Wolfgang Gartner

“Aside from being a legendary venue, Webster Hall was sort of my home in New York, and I’ve been lucky enough to play it 7 times. Some of my fondest memories are mental pictures of the Webster Hall crowd at its rowdiest, with so many people partying on stage — it became its own dance floor. It was really unlike any venue I’ve played in the sense that the entire building was a party; from the stage to the dance floor to the balcony. It was one big vibe every time.”

Bingo Players (Maarten Hoogstraten)

“Webster Hall is a sentimental venue for me and Bingo Players. When Paul and I were coming up, we played Webster Hall many times. The room doesn’t feel like a typical night club, more of a historic ballroom, you could feel the history when you stepped onto the stage and looked out into the crowd. One winter we had a show scheduled at Webster Hall and there was a crazy blizzard coming through the northeast part of the states. The state of New York called a ‘state of emergency’ and shut down the city and peoples ability to come in and out of the city, go on the highways, etc. We were told that our show was still on that evening. We had no idea what to expect. Webster Hall is a big club. Paul and I were asking ourselves if we were going to play for only a few people because people aren’t going to travel through a blizzard? We showed up and the club was PACKED!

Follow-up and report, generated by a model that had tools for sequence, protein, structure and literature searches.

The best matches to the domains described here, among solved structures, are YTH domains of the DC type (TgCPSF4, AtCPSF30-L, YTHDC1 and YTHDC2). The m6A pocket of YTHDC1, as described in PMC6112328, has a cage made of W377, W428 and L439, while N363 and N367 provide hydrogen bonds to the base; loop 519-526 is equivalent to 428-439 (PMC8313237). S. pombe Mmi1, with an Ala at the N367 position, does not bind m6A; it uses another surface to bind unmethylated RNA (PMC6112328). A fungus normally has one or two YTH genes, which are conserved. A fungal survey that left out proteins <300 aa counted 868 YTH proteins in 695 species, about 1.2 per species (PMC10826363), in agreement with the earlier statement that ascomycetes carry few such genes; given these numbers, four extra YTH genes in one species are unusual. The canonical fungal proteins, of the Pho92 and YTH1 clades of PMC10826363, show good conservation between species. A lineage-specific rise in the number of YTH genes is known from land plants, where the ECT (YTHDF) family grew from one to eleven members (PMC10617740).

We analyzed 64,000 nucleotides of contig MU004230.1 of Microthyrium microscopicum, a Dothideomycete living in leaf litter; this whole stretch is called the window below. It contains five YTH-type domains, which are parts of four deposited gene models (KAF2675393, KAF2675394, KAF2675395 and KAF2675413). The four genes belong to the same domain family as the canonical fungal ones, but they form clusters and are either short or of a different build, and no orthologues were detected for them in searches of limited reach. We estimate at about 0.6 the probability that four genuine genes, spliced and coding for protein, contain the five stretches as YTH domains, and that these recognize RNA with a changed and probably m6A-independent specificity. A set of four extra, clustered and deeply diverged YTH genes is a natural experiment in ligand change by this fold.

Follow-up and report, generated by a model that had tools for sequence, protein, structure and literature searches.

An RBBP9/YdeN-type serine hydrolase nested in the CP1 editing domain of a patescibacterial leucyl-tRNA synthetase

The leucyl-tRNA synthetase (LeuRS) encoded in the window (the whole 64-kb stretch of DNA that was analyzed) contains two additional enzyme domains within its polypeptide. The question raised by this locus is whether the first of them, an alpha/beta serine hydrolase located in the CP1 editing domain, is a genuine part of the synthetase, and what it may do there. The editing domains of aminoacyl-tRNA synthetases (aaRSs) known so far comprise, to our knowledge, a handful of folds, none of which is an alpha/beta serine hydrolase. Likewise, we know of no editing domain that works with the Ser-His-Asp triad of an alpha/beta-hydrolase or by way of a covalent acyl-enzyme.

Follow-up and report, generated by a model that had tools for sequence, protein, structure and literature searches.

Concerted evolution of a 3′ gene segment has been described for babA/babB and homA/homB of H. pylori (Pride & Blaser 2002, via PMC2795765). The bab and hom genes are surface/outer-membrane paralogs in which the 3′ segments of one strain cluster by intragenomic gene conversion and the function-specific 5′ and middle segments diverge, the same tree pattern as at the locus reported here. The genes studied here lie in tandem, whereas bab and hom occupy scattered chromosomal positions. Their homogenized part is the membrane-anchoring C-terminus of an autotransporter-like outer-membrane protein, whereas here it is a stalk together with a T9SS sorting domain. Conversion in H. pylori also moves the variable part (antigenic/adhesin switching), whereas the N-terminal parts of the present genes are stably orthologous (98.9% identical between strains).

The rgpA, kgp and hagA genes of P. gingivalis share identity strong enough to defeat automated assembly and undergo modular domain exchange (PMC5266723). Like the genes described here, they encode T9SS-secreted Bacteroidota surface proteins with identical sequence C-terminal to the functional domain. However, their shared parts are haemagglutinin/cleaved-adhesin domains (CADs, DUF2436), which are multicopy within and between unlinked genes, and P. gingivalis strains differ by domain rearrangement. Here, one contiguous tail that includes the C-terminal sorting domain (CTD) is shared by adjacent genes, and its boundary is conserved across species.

Paul and I sat backstage in awe of how many people showed up. The promoter told us by the time we would go on stage the venue would be sold out and it in fact did sell out, even though there was a foot of snow on the ground. We wanted to do something fun that night and we created a special intro for our set that night using the song “Let it Snow,” you know the one “When the weather outside is frightful…” The crowd got the humor in it and and we performed until the club closed. That was a really special night for Bingo Players and for Webster Hall I think as well. It really showed us how dedicated our fans are.